|Type||Word macro virus|
|Place of Origin|
|Source Language||Visual Basic|
|Infection Length||5 macro modules|
Concept is the first wild macro virus for Microsoft Word products. It was found to be preinstalled on some CD's released by some major corporations. It was not the first Word macro, which is actually DMV, just the first wild one.
When an infected document is opened, Concept checks the document template NORMAL.DOT for macros named FileSaveAs and PayLoad. If it finds these, it will assume that NORMAL.DOT has already been infected and stops working. If not, it copies its macros to the template. The virus includes the following macros:
The virus displays a dialogue box with the number "1" and an "OK" button. Antivirus researchers think this may have been an attempt to count the generations of the virus, but it does not do anything but display the number "1". Once NORMAL.DOT has been infected, any file created using "Save As" will be infected with the virus.
The PayLoad macro actually contains no payload. In fact, it does absolutely nothing. The macro contains the text:
Sub MAIN REM That's enough to prove my point End Sub
Concept spawned a few variants of note. Concept.BZ, also known as Haifa password protects every infected file on Friday the 13th with the password haifa. It also contains the text string "Neskati te".
In addition to being the first Word macro virus, Concept was also the most common virus of its time. It started off a bit slow, accounting for less than 20% of all virus infections in the first half of 1996, then under one third in the second half of that year. Concept accounted for one half of all viruses reported at one point in the year 1997 and one third for the whole year, but started to decline by late in that year. It infected over 35,000 computers by the end of February 1997, a significant bulk of them in the first two months of that year.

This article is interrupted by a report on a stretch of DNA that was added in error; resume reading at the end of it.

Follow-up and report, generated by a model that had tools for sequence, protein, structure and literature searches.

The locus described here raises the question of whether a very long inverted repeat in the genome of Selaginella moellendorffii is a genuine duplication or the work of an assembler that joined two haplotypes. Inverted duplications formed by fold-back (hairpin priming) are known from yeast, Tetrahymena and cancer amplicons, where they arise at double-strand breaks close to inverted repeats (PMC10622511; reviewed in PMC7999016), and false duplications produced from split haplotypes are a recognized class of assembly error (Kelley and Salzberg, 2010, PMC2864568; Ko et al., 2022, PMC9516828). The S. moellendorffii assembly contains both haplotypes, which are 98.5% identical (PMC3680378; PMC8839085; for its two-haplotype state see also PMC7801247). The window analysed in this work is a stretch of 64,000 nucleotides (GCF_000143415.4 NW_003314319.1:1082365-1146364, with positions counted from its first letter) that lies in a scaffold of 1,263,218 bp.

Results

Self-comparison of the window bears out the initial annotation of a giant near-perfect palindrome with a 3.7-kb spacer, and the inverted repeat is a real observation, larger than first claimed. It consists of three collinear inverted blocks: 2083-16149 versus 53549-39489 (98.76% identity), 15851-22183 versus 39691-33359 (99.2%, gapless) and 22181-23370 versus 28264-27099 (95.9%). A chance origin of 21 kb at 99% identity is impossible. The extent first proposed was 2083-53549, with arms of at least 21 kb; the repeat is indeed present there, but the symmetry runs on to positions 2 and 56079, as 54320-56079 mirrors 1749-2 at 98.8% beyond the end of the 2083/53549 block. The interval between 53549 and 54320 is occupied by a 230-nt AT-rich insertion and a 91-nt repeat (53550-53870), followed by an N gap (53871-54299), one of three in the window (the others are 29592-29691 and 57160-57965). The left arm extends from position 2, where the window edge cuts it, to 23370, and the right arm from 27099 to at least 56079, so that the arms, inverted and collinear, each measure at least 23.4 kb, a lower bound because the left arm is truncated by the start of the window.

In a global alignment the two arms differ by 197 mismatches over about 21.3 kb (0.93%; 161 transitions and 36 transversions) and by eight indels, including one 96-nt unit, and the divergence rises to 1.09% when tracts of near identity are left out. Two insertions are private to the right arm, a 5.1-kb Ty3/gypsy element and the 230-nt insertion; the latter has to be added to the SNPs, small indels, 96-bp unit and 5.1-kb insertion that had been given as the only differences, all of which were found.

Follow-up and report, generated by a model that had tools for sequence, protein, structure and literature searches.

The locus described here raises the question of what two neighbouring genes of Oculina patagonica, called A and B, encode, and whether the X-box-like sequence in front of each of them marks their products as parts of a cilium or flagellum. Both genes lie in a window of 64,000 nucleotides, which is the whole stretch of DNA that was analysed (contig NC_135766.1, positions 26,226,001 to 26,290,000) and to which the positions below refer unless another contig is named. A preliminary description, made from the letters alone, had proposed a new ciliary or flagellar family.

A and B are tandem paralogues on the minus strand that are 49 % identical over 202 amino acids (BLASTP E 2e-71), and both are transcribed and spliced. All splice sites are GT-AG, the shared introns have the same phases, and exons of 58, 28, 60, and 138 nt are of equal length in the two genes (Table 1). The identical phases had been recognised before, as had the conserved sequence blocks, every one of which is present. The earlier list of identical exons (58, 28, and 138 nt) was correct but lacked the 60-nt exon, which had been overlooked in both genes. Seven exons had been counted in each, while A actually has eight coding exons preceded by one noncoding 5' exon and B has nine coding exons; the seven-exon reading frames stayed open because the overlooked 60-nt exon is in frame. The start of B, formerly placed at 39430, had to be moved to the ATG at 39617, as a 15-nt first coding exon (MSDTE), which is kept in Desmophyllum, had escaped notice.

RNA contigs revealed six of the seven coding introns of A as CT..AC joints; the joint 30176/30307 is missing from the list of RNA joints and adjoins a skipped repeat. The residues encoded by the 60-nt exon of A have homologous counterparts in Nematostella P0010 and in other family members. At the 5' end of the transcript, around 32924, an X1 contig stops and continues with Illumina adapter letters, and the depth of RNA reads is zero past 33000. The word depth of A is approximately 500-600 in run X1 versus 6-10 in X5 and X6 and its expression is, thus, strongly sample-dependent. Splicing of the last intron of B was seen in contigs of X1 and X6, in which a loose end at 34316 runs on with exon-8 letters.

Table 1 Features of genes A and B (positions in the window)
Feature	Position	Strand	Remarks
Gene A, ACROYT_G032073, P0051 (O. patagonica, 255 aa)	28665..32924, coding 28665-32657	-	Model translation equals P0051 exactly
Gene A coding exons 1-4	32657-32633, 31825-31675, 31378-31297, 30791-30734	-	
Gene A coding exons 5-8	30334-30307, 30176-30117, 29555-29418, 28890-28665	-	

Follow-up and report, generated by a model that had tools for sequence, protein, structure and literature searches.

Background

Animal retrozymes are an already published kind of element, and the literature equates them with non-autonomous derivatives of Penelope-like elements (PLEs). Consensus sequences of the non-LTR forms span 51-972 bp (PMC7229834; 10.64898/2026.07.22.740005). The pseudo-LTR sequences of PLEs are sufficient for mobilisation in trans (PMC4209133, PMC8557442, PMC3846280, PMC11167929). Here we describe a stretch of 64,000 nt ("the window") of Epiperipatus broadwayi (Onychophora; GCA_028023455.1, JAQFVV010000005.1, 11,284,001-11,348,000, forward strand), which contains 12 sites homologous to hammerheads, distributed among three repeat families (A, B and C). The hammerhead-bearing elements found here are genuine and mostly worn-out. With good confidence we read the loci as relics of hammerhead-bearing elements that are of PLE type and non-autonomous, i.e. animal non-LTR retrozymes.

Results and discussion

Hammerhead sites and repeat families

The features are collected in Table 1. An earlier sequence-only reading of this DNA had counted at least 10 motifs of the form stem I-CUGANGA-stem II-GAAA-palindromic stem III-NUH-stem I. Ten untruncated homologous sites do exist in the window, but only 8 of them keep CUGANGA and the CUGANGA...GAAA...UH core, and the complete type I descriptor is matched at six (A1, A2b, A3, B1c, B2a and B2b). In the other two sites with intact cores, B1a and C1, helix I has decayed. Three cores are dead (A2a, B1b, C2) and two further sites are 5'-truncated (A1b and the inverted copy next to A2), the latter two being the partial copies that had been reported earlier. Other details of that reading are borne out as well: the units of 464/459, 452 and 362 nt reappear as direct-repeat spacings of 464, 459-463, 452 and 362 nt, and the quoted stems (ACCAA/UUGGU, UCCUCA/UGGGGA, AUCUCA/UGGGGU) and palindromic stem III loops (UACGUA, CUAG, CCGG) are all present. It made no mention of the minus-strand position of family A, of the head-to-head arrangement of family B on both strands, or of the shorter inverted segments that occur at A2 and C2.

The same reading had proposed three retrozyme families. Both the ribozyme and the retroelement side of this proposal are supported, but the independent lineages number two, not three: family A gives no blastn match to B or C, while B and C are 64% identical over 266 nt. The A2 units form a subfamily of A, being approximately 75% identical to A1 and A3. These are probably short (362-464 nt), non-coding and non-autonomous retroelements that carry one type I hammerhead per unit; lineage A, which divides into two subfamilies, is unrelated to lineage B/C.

The virus found its way into software that was shipped by a few different companies. Microsoft shipped a CD, Microsoft Windows 95 Software Compatability Test, with Concept preinstalled to hundreds of companies in 1995 in August. In the next year, the company shipped Concept in a Windows 95 business guide, and their Slovenia division made a press release that contained the virus. Another company shipped Snap-on Tools for Windows NT on 5,500 CD's.
Macro viruses became the most popular form of self-replicating malware for the rest of the 1990's. A later macro virus, Melissa, would mark the beginning of the era of mass-mailing programs that would plague the 2000's.
Concept caused some people to worry about viruses coming through email. This was probably a result of people sending Concept-infected document files through the email, not that the virus would send itself, as people had little concept of a mass mailing virus at the time. Still, with Concept being a sort of forefather of Melissa, the first major email-borne malware problem, this is a little prophetic.
The creator of the Nimda worm wanted it to be called Concept, but the name was already taken. He was even upset by the antivirus researchers naming his worm Nimda.
Mikko Hypponen, Katrin Tocheva. F-Prot Antivirus, F-Secure Virus Descriptions : Concept.
Nikolai Bezroukov. Softpanorama, CONCEPT virus. 1997.02.11
David Stang, Seven Locks Software, Inc. The Computer Virus Problem.
Norman De Forest. The Concept Virus.
Rober Vibert. Virus News, Issue 5, Page 2, E-MAIL Viruses. 1995.10
Dr. Solomon. MS-Word Macro Viruses. 1997.01.23
Attrition.org, Certified Pre-0wned.